For some of us, when we hear of a person making terroristic threats we think of a person causing trouble for political or religious reasons. But, according to the Texas Penal Code, just the mere threat of violence to a person or a person’s property is enough and the purpose behind the threat is not considered.
You can be charged with a terroristic threat charge if you threaten violence to a person or their property and (1) cause any type of reaction from an officer, volunteer, or any other agency that deals with emergencies; (2) put ANY person in fear of immediate injury to their self (3) prevent the use or interrupt the use of a building, public place, employment, aircraft, automobile, or other public place (4) cause interruption with any public communication, transportation, public water, gas, or power supply or any other public service (5) put the public or a number of people in fear of bodily harm or (6) influence the conduct or activities of a branch or agency of the federal government, the state, or a political subdivision of the state.
Nowhere in the code is it defined that these threats must be made with any sort of political or religious views as the basis of the threat. So basically under section (2) of 22.07 the State could snag anyone with this charge if that person threatens serious, immediate violence to a person who believes that an injury is immediate. Which is similar to Penal Code 22.01 Assault, where a person threatens another with immediate injury to their body.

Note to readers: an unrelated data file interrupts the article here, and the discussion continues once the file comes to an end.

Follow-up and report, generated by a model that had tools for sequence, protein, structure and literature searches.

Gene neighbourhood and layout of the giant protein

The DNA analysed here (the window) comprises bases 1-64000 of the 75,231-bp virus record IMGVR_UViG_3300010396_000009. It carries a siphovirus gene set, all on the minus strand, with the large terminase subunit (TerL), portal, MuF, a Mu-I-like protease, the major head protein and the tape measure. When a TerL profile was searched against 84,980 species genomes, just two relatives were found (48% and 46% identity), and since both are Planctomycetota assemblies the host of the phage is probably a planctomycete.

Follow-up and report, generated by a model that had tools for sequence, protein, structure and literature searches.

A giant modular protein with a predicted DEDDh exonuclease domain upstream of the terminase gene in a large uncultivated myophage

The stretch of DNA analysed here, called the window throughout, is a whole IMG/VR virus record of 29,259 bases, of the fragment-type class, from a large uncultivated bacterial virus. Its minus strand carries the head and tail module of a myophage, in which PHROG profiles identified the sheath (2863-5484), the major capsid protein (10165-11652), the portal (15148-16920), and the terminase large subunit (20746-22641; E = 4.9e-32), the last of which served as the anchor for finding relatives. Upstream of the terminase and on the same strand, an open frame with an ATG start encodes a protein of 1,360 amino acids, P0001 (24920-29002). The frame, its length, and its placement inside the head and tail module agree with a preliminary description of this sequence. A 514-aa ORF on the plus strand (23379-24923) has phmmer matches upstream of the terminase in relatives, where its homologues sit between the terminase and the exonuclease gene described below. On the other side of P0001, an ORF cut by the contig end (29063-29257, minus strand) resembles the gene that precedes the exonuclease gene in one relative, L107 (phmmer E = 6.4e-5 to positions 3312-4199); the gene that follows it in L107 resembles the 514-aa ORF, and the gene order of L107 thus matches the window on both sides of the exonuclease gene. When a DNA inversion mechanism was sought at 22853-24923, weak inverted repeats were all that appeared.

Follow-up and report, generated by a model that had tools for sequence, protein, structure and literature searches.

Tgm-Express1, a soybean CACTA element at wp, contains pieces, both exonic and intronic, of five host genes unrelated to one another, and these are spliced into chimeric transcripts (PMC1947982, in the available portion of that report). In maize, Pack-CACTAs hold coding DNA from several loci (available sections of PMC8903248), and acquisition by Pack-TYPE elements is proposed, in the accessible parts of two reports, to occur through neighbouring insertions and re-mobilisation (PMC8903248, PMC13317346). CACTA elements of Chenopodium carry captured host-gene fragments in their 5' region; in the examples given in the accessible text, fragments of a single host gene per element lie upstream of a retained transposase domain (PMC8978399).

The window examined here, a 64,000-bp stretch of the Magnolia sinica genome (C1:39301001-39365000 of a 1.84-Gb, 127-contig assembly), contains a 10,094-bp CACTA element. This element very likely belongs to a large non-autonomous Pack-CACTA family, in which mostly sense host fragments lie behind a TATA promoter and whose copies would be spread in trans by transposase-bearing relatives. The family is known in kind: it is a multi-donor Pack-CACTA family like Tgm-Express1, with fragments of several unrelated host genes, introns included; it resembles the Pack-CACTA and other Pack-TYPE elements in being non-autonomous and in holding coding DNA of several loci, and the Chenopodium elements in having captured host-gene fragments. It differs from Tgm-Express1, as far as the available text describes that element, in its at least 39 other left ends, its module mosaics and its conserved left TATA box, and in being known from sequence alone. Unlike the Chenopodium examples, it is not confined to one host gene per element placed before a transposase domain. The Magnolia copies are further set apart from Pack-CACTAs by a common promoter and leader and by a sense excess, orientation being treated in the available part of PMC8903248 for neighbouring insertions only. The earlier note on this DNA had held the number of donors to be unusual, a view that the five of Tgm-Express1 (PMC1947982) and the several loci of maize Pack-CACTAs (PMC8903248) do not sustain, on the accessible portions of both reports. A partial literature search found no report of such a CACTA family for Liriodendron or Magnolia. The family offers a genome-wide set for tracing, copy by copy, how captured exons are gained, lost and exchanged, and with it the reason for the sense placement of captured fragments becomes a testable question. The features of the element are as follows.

The range of punishment varies on this charge depending on which section is violated under the code. If the charge is under section (1) listed above it is a class B misdemeanor. The same is true for section (2) unless it is against a family member, a member of the household, or a public servant, then it becomes a Class A misdemeanor. Section (3) gets even more complex, it is a Class A but if the person committing the crime causes any loss of $1,500 or more to the person who owns the building, room, place, or conveyance it is then a state jail felony. If the act qualifies under (4), (5), or (6) it is then a 3rd degree felony.
Class A = fine no more then $4,000 and no more then one year in jail, Class B = fine no more then $2,000 and no more than 180 days in jail, state jail felony = range of punishment 180 days – 2 years and $10,000 fine, 3rd degree felony = range of punishment of 2-10 years and $10,000 fine.